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  • ARTICLE - Hong Kong

    Secret Private Client Tax Adviser: Hong Kong Debriefing

    03 Dec
    The meeting takes place in an undisclosed hotel room in Hong Kong…

    Head Tax Native:

    Secret Private Client Adviser in Hong Kong, your mission, should you choose to accept it, is to educate us on the practical tax considerations in Hong Kong. This task requires a delicate balance of expertise and discretion. Be warned, should your real identity be revealed during this covert operation, you will be disavowed by the Tax Natives and shunned by your fellow private client advisers. Do you accept?

    Secret Private Client Adviser in HK:

    I accept.

    Head Tax Native:

    [Leaning forward with curiosity] Could you enlighten us on how an individual becomes subject to tax in Hong Kong?

    Secret Private Client Adviser in HK:

    [Nods, picking up a glass and sipping thoughtfully] Of course. In Hong Kong, taxation is based on the territorial source principle. Individuals are taxed on income and profits that are derived in Hong Kong, irrespective of their domicile and nationality. The individual’s residence is only considered when seeking relief under a double taxation arrangement. [Pauses as room service arrives with refreshments] Whether income and profits are derived in Hong Kong is determined by the facts of each case.

    TN:

    [Accepting a cup of coffee] What taxes apply to an individual's income here?

    Secret Adviser:

    [Setting down the glass] In Hong Kong, salaries tax is applied to income arising or derived from any office, employment, profit, or pension. It encompasses all forms of benefits, including salaries, commissions, bonuses, and more. [There is a distant crash from next door, causing a brief moment of distraction] The tax is calculated at progressive rates up to 17% or at a standard rate of 15%, depending on which is lower. Individuals are also entitled to various allowances and can claim deductions for specific expenses.

    TN:

    [Glancing towards the noise, then refocusing] Are there other types of taxes that individuals should be aware of?

    Secret Adviser:

    [Unperturbed by the noise] Yes, besides salaries tax, individuals engaged in business or owning property in Hong Kong face profits tax and property tax, respectively. [Smiles slightly] There’s also a personal assessment option for those subject to multiple taxes. Notably, Hong Kong does not impose tax on dividends, interest, or lottery winnings.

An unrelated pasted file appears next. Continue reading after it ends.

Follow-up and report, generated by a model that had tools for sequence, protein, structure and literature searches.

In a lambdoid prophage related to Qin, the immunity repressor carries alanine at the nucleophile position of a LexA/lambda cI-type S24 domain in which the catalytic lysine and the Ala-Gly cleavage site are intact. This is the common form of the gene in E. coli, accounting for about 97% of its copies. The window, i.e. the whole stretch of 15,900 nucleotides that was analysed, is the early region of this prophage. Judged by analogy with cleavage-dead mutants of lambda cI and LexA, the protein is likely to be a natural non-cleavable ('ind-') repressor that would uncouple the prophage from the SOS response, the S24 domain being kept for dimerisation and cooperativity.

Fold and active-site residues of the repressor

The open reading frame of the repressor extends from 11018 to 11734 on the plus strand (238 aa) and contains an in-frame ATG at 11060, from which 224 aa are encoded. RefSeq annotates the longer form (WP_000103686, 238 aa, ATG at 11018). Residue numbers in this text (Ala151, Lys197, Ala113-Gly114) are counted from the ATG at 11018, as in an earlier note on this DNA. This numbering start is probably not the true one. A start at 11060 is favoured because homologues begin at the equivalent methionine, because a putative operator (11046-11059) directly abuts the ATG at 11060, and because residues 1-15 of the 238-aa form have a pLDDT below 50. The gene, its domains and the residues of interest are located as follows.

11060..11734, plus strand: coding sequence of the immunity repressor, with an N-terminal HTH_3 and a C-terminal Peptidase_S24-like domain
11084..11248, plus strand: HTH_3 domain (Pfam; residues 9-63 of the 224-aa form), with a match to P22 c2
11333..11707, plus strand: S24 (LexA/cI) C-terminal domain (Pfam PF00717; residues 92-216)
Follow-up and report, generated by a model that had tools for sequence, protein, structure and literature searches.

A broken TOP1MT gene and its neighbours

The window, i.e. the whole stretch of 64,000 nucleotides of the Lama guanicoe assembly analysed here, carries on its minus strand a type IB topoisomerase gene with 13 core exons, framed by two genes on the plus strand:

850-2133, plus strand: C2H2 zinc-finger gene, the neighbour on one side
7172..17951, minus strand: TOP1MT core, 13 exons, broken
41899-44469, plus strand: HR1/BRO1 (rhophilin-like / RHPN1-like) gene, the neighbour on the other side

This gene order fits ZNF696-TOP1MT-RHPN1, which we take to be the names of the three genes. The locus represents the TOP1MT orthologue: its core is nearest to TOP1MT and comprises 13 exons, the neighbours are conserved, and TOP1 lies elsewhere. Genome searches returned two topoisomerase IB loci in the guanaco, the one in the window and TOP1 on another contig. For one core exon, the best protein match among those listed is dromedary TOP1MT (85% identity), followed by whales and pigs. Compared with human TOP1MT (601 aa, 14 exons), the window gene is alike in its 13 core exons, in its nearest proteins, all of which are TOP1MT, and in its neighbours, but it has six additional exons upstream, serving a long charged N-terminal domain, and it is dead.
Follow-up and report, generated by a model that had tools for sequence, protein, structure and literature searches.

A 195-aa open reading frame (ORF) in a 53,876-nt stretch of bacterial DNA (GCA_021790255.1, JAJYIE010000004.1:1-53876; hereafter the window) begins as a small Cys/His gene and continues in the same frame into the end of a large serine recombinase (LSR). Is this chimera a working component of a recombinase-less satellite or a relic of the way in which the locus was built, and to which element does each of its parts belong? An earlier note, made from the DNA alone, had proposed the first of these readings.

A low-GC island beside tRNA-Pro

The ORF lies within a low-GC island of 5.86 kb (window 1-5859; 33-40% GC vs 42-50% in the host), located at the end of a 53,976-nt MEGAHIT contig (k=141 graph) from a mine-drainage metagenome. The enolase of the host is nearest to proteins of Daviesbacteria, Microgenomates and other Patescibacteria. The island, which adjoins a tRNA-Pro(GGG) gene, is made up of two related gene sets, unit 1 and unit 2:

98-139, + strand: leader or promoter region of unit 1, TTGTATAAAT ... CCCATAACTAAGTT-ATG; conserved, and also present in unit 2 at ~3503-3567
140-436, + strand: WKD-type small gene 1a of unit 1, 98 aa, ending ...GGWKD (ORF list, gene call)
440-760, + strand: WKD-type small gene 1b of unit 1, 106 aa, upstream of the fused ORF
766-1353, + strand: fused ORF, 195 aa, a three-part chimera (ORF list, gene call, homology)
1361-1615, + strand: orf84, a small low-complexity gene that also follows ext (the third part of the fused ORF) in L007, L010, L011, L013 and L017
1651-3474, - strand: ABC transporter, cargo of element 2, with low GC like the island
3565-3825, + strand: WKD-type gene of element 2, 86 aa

TN:

    [Leans back, intrigued] How is capital gains tax handled?

    Secret Adviser:

    [Gestures with hands for emphasis] Hong Kong does not levy a capital gains tax. However, profits from asset disposals in Hong Kong might be subject to profits tax.

    TN:

    [Pensively tapping a finger on the table] What about the taxation of lifetime gifts?

    Secret Adviser:

    [Nodding in affirmation] Lifetime gifts are not taxed, but stamp duty applies to voluntary transfers of property or stock.

    TN:

    [Looking up as a waiter passes by] Can you tell us about inheritance tax?

    Secret Adviser:

    [Leans forward] There is no inheritance tax or estate duty in Hong Kong for deaths after February 11, 2006.

    TN:

    [Sipping coffee] What taxes are applicable to real property?

    Secret Adviser:

    [Counts off on fingers] Property tax is charged on rental income from real property. Stamp duty is also applicable on property transfers and leases, with varying rates based on several factors.

    TN:

    Are there taxes on importing or exporting non-cash assets?

    Secret Adviser:

    [With a confident tone] Generally, Hong Kong maintains a free trade policy. Most imports are tax-free, with certain exceptions like liquors and motor vehicles.

    TN:

    [Raises an eyebrow] Any other taxes that are particularly relevant?

    Secret Adviser:

    Profits tax is significant for individuals running a business in Hong Kong, with rates depending on the amount of assessable profits. Additionally, there's a 2023 tax concession scheme for family-owned investment vehicles managed by single-family offices.

    TN:

    [Glancing briefly at a watch] What about trusts and asset-holding vehicles?

    Secret Adviser:

    [Nods affirmatively] Trusts in Hong Kong are taxed as separate entities. They are liable for profits tax and property tax based on their activities and holdings. Stamp duty also applies to their transactions involving properties or stock.

    TN:

    How does taxation work for charities?

    Secret Adviser:

    [With a sense of pride] Charities recognised by the Inland Revenue Department are exempt from taxation. Donations to these charities are tax-deductible.

    TN:

    [Checks phone for a moment, then looks up] Finally, could you elaborate on anti-avoidance tax provisions?

    Secret Adviser:

    The Inland Revenue Ordinance contains provisions to address artificial or fictitious transactions and transactions designed primarily for tax benefits. These can be disregarded or recharacterized by the IRD to prevent tax avoidance. [The interview concludes as the sounds of the bustling city filter in from outside]  

    Mission extraction

    If you have any queries about this top secret interview on private client tax in Hong Kong, or HK tax matters in general, then please get in touch

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    MR BLAKEFIELD. REGAL CAPITAL. FLORIDA.

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